Thanks a lot, dickhead. Now everyone is responding to your asinine comment instead of talking about how awesome Dojo of Death is.

      • siegarettes says:

        It’s really grand isn’t it? I sort of wish it was also an phone-device thing so that I could play it everywhere.

  2. fart says:

    Thanks for reminding me of that Boards of Canada classic. Time to dust off some mellow sounds :D

    • Lambchops says:

      John got one of my recent background writing albums in the Sunday Papers, Popentine has got the other one here.

      It’s like they are reading my mind.

      • Prolar Bear says:

        Great minds chill alike


        36, 44, 68, 27, 35, 42, 58, 47, 63, 85, 74, 67

      • Synesthesia says:

        Also if you haven’t listened to this one yet, do.

    • shimeril says:

      First thing I thought of too. Great album. I’ll also recommend a 2 man group called Redpoint – now defunct AFAIK but they created some beautiful stuff which was effectively free. Worth looking for.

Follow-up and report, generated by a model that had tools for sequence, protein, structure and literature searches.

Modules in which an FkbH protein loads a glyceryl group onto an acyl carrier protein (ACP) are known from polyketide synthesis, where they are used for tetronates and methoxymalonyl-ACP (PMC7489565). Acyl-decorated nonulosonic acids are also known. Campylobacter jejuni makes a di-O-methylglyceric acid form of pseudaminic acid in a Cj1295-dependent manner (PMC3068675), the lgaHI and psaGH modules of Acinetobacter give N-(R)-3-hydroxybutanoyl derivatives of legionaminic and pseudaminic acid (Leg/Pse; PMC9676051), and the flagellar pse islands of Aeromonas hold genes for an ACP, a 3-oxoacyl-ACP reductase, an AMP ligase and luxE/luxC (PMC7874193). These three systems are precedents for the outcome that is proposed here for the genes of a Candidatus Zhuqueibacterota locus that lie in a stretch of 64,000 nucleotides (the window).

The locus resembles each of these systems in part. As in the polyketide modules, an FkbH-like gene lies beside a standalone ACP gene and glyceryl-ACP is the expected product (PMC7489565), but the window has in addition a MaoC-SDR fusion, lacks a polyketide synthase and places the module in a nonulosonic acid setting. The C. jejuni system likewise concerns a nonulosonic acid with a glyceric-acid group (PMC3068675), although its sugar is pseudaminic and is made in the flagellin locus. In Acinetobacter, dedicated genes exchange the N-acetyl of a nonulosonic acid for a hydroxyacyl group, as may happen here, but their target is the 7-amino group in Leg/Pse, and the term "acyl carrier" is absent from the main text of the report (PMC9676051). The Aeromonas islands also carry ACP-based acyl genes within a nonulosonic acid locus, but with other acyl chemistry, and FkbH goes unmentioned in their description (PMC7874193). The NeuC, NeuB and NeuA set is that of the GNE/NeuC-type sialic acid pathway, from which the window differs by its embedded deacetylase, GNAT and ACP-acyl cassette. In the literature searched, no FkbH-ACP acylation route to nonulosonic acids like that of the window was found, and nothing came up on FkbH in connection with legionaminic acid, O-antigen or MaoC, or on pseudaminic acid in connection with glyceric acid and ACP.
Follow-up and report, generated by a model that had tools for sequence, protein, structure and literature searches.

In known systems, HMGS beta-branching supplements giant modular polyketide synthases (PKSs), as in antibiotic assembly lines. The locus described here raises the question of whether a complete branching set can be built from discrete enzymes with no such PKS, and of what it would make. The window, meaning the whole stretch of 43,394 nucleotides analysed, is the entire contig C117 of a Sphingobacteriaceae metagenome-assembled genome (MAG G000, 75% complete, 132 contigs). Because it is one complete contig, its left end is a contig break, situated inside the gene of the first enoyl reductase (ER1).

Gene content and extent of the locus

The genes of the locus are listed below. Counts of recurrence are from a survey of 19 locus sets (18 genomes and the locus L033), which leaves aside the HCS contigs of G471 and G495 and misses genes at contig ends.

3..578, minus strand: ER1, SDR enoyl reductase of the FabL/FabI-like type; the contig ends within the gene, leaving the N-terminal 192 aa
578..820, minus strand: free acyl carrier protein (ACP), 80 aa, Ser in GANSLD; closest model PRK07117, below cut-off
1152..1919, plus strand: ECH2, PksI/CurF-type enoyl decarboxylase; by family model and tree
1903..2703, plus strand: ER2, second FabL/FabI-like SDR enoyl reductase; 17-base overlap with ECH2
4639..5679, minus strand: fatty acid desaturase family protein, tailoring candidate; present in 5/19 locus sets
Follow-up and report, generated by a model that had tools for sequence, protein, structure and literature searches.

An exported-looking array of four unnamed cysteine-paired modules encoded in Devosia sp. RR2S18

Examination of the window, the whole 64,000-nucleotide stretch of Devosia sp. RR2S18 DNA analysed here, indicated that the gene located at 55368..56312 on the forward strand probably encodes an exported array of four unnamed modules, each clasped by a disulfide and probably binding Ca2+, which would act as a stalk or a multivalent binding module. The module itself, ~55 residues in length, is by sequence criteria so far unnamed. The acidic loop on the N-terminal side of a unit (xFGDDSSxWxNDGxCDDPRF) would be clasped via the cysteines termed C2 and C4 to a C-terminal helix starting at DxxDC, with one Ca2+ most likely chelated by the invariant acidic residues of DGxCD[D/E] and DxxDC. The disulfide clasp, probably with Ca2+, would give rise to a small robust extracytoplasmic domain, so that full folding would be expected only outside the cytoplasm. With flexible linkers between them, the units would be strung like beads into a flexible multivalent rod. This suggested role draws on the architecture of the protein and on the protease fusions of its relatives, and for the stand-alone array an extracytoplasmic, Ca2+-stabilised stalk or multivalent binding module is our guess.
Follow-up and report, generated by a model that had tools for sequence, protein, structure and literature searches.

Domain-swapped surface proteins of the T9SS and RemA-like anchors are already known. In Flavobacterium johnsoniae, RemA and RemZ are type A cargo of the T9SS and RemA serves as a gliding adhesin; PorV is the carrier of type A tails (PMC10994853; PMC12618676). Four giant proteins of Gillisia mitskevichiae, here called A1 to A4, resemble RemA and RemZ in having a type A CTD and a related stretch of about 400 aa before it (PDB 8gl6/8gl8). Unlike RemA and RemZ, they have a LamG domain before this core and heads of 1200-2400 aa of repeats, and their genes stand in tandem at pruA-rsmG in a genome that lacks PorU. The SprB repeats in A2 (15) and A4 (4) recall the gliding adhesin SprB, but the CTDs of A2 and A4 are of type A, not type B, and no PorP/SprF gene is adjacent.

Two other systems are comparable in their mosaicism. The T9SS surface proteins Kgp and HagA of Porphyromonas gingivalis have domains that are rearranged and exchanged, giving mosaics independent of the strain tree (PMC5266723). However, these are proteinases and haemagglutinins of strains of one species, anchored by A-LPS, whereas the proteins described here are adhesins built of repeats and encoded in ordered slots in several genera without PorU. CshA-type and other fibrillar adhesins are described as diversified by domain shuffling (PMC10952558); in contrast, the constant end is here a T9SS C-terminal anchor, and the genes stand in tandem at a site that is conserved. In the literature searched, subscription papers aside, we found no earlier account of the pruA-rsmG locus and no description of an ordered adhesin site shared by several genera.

3. ninecome says:

    Fans of this column might be interested to know that THECATAMITES has made his first commercial release. It containts 50 of his short games, many of which made appearances here over the weeks.

    Please join me in ritualistically giving THECATAMITES all of your hard earned currency.

    link to

  4. KirbyEvan says:

    I really liked Lucid, it reminded me of Noctis or Space Engine, but in a short story form.

  5. hamburger_cheesedoodle says:

    Dating Sim was pain, but in a good way.

    Last Chance was alarming and breakneck and delightful! I managed to spend almost 7k past my intentions.

    Lucid was amazing and beautiful and evocative. One of the better twine games I’ve played. I love it.

    Good selections this week.

  6. Prolar Bear says:

    Joining the above comments about Lucid. It’s great, a really evocative experience; it’s also rather long for a twine game.

  7. Captain RDM says:

    so there is a maximum of ten points in one stage on you only get one, but i got 11 with a tomato for cooking stew… OK then.